One fact which, in the Church, relieved the condition of the slave was the absence among Christians of the ancient scorn of labour (Cicero, "De off.", I, xlii; "Pro Flacco", xviii; "pro domo", xxxiii; Suetonius, "Claudius, xxii; Seneca, "De beneficiis", xviii; Valerius Maximus, V, ii, 10). Converts to the new religion knew that Jesus had been a carpenter; they saw St. Paulexercise the occupation of a tentmaker (Acts 18:3; 1 Corinthians 4:12). "Neither did we eat any man's bread", said theApostle, "for nothing, but in labour and in toil we worked night and day, lest we should be chargeable to any of you" (2 Thessalonians 3:8; cf. Acts 20:33, 34). Such an example, given at a time when those who laboured were accounted "the dregs of the city", and those who did not labour lived on the public bounty, constituted a very efficacious form of preaching. A new sentiment was thereby introduced into the Roman world, while at the same time a formal discipline was being established in the Church. It would have none of those who made a parade of their leisurely curiosity in the Greek andRoman cities (2 Thessalonians 3:11). It declared that those who do not labour do not deserve to be fed (ibid., 10). AChristian was not permitted to live without an occupation (Didache, xii).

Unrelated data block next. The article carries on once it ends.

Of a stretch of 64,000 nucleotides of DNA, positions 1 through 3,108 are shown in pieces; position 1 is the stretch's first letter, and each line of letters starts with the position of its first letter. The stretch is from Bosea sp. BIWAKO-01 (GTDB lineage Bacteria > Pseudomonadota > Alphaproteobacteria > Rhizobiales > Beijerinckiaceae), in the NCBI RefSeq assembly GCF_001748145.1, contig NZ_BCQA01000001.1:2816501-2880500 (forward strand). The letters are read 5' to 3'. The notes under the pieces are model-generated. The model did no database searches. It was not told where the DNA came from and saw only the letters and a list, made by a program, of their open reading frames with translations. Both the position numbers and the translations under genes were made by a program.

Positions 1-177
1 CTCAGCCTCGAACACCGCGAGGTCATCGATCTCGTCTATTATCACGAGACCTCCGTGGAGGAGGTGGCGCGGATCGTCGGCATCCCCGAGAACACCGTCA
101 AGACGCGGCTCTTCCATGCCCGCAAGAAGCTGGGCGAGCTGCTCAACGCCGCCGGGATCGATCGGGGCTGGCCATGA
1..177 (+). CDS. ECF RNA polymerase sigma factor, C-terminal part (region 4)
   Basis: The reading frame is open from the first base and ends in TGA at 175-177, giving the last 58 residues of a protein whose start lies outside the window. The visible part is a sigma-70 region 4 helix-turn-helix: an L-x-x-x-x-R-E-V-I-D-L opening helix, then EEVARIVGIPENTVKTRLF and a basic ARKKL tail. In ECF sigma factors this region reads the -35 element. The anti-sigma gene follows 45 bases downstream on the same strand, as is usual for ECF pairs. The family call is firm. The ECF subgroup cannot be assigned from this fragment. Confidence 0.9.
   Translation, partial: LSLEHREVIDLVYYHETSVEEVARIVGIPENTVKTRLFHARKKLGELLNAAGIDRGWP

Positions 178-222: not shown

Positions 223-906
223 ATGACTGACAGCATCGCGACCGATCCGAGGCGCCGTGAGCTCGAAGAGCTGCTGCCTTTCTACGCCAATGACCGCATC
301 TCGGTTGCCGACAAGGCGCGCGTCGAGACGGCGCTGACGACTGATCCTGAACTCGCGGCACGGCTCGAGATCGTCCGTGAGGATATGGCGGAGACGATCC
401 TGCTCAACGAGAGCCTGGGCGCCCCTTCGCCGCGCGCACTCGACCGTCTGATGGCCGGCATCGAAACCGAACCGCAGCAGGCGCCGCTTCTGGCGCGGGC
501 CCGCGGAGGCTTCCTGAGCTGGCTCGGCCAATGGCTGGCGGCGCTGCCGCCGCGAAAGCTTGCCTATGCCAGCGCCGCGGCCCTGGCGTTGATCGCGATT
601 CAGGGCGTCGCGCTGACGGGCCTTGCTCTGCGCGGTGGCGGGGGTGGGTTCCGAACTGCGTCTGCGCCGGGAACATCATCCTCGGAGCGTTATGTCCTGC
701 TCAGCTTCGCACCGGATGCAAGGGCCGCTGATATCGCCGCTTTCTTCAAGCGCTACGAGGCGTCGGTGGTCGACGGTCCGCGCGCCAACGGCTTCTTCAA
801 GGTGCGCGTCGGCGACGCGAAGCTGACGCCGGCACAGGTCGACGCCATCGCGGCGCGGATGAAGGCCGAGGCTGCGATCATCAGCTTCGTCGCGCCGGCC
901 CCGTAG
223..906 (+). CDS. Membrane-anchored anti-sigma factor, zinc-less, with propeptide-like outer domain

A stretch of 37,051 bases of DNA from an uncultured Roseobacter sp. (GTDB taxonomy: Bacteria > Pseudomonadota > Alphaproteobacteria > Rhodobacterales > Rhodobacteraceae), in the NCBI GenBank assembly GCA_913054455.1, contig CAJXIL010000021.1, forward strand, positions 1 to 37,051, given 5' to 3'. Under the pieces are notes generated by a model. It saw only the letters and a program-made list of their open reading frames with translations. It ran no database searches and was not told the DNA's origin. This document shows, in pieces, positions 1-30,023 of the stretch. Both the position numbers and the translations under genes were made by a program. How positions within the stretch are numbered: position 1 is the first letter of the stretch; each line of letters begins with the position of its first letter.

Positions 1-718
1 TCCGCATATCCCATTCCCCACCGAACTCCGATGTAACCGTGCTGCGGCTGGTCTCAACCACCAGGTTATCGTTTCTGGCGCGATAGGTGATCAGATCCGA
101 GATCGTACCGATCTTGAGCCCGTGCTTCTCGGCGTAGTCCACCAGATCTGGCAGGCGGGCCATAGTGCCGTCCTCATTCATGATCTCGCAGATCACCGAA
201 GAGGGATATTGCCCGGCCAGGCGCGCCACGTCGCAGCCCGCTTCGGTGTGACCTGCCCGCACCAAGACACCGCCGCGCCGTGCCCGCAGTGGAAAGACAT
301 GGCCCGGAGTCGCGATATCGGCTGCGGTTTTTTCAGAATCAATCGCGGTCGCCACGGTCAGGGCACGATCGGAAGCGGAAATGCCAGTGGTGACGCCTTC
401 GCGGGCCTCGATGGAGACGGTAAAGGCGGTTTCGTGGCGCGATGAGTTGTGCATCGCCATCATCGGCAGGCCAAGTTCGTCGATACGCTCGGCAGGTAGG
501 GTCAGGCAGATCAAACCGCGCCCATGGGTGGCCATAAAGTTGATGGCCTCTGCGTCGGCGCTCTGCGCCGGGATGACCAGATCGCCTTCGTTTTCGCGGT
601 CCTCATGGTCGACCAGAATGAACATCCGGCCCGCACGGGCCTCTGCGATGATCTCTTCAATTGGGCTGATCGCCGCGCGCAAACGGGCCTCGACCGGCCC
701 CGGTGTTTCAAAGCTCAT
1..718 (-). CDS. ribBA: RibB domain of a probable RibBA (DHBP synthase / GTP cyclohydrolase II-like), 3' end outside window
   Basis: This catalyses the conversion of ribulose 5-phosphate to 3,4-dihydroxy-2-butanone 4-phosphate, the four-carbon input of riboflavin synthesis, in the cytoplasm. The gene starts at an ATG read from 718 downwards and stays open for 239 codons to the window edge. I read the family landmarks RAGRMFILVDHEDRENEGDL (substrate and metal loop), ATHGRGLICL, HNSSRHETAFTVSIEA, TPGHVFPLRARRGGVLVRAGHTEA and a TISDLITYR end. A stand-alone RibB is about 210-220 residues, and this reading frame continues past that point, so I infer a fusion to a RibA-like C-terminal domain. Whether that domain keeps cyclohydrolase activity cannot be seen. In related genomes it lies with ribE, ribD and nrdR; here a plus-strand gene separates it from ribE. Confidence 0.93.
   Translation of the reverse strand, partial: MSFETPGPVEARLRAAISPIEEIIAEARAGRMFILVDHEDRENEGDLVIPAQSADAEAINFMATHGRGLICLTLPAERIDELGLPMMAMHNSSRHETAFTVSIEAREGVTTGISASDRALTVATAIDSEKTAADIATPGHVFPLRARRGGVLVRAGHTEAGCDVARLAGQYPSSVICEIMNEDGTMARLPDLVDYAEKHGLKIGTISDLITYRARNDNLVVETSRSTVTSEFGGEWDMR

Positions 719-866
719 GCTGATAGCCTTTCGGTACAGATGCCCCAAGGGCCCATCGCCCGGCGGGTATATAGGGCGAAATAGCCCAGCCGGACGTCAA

Religious equality was the negation of slavery as it was practiced by pagan society. It must have been an exaggeration, no doubt, to say, as one author of the first century said, that "slaves had no religion, or had only foreign religions" (Tacitus, "Annals", XIV, xliv): many were members of funerary collegia under the invocation of Roman divinities (Statutes of the College of Lanuvium, "Corp. Inscr. lat.", XIV, 2112). But in many circumstances this haughty and formalist religion excludedslaves from its functions, which, it was held, their presence would have defiled. (Cicero, "Octavius", xxiv). Absolute religiousequality, as proclaimed by Christianity, was therefore a novelty. The Church made no account of the social condition of thefaithful. Bond and free received the same sacraments. Clerics of servile origin were numerous (St. Jerome, Ep. lxxxii). The very Chair of St. Peter was occupied by men who had been slaves — Pius in the second century, Callistus in the third. So complete — one might almost say, so levelling — was this Christian equality that St. Paul (1 Timothy 6:2), and, later, St. Ignatius (Polyc., iv), are obliged to admonish the slave and the handmaid not to contemn their masters, "believers like them and sharing in the same benefits". In giving them a place in religious society, the Church restored to slaves the family andmarriage. In Roman law, neither legitimate marriage, nor regular paternity, nor even impediment to the most unnatural unions had existed for the slave (Digest, XXXVIII, viii, i, (sect) 2; X, 10, (sect) 5). That slaves often endeavoured to override this abominable position is touchingly proved by innumerable mortuary inscriptions; but the name of uxor, which the slave woman takes in these inscriptions, is very precarious, for no law protects her honour, and with her there is noadultery (Digest, XLVIII, v, 6; Cod. Justin., IX, ix, 23). In the Church the marriage of slaves is a sacrament; it possesses"the solidity" of one (St. Basil, Ep. cxcix, 42). The Apostolic Constitutions impose upon the master the duty of making hisslave contract "a legitimate marriage" (III, iv; VIII, xxxii). St. John Chrysostom declares that slaves have the marital power over their wives and the paternal over their children ("In Ep. ad Ephes.", Hom. xxii, 2). He says that "he who has immoralrelations with the wife of a slave is as culpable as he who has the like relations with the wife of the prince: both areadulterers, for it is not the condition of the parties that makes the crime" ("In I Thess.", Hom. v, 2; "In II Thess.", Hom. iii, 2).